The Guides to Social Policy Law is a collection of publications designed to assist decision makers administering social policy law. The information contained in this publication is intended only as a guide to relevant legislation/policy. The information is accurate as at the date listed at the bottom of the page, but may be subject to change. To discuss individual circumstances please contact Services Australia.

1.1.S.110 Severely disabled (DSP)


This definition applies to DSP primarily for the purposes of assessing eligibility to be paid DSP under an international social security agreement.

Only certain agreements cover DSP. The relevant agreement needs to be reviewed to determine whether it covers DSP for the severely disabled. See Part 10 for a list of Australian Social Security Agreements.


A person is severely disabled if the person:

  • has a physical, psychiatric or intellectual impairment (or a combination of these impairments), which, without taking into account any other factor, makes them

    • totally unable to work for at least the next 2 years (see below), and
    • unable to benefit within the next 2 years from participation in a program of assistance, rehabilitation program, or education and training, or
  • is permanently blind (1.1.P.210).

Note: When considering the impact of the condition/s on the person's ability to work, other factors, such as the age of the person, must be ignored.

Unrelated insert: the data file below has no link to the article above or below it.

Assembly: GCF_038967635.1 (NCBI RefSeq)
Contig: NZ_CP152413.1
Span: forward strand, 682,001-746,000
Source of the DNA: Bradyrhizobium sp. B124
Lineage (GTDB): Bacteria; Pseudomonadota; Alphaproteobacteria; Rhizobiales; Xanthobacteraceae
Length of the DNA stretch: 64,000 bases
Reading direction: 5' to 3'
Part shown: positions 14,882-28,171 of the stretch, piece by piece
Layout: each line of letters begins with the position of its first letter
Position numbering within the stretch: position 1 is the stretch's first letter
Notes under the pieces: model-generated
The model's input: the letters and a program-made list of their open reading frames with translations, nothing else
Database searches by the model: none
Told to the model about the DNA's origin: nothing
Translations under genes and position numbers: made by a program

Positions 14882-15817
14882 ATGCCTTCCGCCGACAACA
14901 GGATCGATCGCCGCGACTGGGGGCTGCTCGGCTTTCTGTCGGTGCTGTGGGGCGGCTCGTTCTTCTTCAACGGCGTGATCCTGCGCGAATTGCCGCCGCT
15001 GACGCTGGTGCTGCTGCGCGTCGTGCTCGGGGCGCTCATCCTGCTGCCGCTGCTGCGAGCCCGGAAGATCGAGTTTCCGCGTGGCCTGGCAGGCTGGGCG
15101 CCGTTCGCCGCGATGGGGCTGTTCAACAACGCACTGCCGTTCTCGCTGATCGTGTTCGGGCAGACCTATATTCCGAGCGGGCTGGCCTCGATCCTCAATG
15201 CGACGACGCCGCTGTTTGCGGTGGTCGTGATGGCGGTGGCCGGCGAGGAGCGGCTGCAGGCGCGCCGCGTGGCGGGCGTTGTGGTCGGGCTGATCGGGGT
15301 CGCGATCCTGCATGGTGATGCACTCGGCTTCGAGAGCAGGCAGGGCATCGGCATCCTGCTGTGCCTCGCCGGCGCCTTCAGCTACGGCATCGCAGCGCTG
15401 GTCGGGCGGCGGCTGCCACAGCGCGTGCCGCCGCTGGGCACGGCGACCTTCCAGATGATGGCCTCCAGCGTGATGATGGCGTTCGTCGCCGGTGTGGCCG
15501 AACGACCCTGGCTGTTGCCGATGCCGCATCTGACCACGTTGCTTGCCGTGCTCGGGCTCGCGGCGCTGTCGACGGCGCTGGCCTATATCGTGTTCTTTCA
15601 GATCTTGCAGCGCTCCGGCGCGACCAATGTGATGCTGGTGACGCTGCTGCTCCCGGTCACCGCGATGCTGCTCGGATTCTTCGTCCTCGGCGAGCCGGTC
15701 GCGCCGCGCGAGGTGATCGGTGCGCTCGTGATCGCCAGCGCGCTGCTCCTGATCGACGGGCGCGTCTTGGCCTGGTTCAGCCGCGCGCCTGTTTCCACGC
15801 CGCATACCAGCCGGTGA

A person may be required to undergo a medical examination and/or JCA to determine their work capacity.

In limited situations, a person may be accepted as being severely disabled without a medical examination or JCA if, based on existing evidence, they have:

  • a terminal illness (such as stage 4 cancer)
  • severe degenerative neurological conditions, or
  • severe disabilities as a result of head injuries.

Recipients who receive a special rate disability pension from DVA because of blindness or total and permanent incapacity for work are also accepted as being severely disabled.

Note: DSP recipients who have been accepted as having a manifest CITW for the purposes of section 94 of the SSAct are not automatically considered to be severely disabled. The critical matter is the severity of the condition/s and the effect on their current and future work capacity for the next 2 years as outlined above and below.

Totally unable to work

Totally unable to work in the context of severely disabled has its plain and ordinary meaning. That is, an individual is entirely unable to perform work of any kind.

However, given the difficulty in working out the exact number of working hours a person can perform in a given week, JCAs will practically assess a person’s work capacity that evaluates it as a part of broader bandwidth. If a person’s measured capacity to work is 0 to 7 hours per week (that is, less than 8 hours per week) as a result of their impairment/s, they are accepted as being totally unable to work for the purposes of being severely disabled.

An individual who is able to work 8 hours or more a week for the next 2 years, or who would benefit from training, education or rehabilitation to the extent that it would allow them to be able to work 8 hours or more a week within the next 2 years, is not considered to be severely disabled.

For the purposes of assessing working capacity, 'work' is not limited to work the person usually performs or work available in the person's locally accessible labour market. Work includes work that exists in Australia in the open labour market for wages that are at or above the relevant minimum wage.

Act reference: SSAct section 23(4B) For the purposes of this Act, a person is severely disabled …

Policy reference: SS Guide Part 10 Australian Social Security Agreements

Last reviewed: